executor

[ig-zek-yuh-ter or for 1, ek-si-kyoo-ter]
noun
1.
a person who executes, carries out, or performs some duty, job, assignment, artistic work, etc.
2.
Law. a person named in a decedent's will to carry out the provisions of that will.

Origin:
1250–1300; Middle English executour < Latin execūtor, equivalent to execū(tus) (see execute) + -tor, -tor; replacing Middle English esecutor < Anglo-French essecutour < Latin, as above

executorial [ig-zek-yuh-tawr-ee-uhl, -tohr-] , adjective
executorship, noun
preexecutor, noun
subexecutor, noun
unexecutorial, adjective

executor, trustee, trusty.
Dictionary.com Unabridged
Based on the Random House Dictionary, © Random House, Inc. 2014.
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Collins
World English Dictionary
executor (ɪɡˈzɛkjʊtə)
 
n
1.  law a person appointed by a testator to carry out the wishes expressed in his will
2.  a person who executes
 
[C13: from Anglo-French executour, from Latin execūtor, from ex-1 + sequi follow]
 
execu'torial
 
adj
 
ex'ecutorship
 
n

Collins English Dictionary - Complete & Unabridged 10th Edition
2009 © William Collins Sons & Co. Ltd. 1979, 1986 © HarperCollins
Publishers 1998, 2000, 2003, 2005, 2006, 2007, 2009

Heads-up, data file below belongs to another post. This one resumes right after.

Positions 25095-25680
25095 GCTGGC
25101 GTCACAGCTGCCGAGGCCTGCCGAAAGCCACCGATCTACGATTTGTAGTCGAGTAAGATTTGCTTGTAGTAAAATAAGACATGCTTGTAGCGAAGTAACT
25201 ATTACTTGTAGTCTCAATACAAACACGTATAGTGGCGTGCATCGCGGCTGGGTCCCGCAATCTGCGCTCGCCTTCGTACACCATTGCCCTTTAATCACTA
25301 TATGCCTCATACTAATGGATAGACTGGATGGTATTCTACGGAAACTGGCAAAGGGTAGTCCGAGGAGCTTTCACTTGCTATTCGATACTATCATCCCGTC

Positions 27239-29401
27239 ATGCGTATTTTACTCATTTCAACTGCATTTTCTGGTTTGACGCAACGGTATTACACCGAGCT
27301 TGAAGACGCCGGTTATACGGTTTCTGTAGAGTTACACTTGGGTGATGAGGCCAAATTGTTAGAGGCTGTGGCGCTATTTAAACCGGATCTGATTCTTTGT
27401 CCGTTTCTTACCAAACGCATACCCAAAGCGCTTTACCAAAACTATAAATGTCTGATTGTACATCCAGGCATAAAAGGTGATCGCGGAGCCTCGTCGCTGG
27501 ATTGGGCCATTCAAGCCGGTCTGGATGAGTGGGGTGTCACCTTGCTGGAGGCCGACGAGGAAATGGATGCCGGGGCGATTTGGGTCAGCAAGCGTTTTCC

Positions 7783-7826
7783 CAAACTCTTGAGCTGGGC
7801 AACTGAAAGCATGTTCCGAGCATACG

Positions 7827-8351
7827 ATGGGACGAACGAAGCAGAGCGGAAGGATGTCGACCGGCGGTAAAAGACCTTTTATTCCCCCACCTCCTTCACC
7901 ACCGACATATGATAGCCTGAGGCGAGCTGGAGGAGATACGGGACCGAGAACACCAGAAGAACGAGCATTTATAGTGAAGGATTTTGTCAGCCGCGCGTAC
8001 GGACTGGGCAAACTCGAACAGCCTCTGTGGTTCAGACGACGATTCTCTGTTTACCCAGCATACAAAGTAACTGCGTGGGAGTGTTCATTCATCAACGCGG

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Etymonline
Word Origin & History

executor
late 13c., from Anglo-Fr. executour, from L. executorem, agent noun from exsequi (see execution). Fem. form executrix is attested from c.1500.
Online Etymology Dictionary, © 2010 Douglas Harper
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Encyclopedia Britannica
Encyclopedia

executor

in law, person designated by a testator-i.e., a person making a will-to direct the distribution of his estate after his death. The system is found only in countries using Anglo-American law; in civil-law countries the estate goes directly to the heir or heirs. The executor is usually a surviving spouse or other relative and achieves his position in most states even before the will is entered into probate, the judicial proceedings for determining the validity of the will. In all instances he is required to post a bond with the court as assurance that he will not abscond with the assets. He is required to dispose of the property in accordance with the provisions of the will. He must collect all debts due to the estate, as well as pay all those that are owed by the testator. He must then distribute the assets to heirs and legatees. If there is no will and no real estate and the heirs are able to agree upon the distribution of the estate, then an executor is not needed.

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Encyclopedia Britannica, 2008. Encyclopedia Britannica Online.
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Example sentences
It meant nothing that she was her father's executor and one of his heirs.
Our friendship, and now my role as his literary executor, confirms his point.
Sobieski wrote to his queen, that the grand vizier had made him his sole
  executor.
Your safe-deposit box may be sealed until your executor or heirs can prove
  they're authorized to open it.
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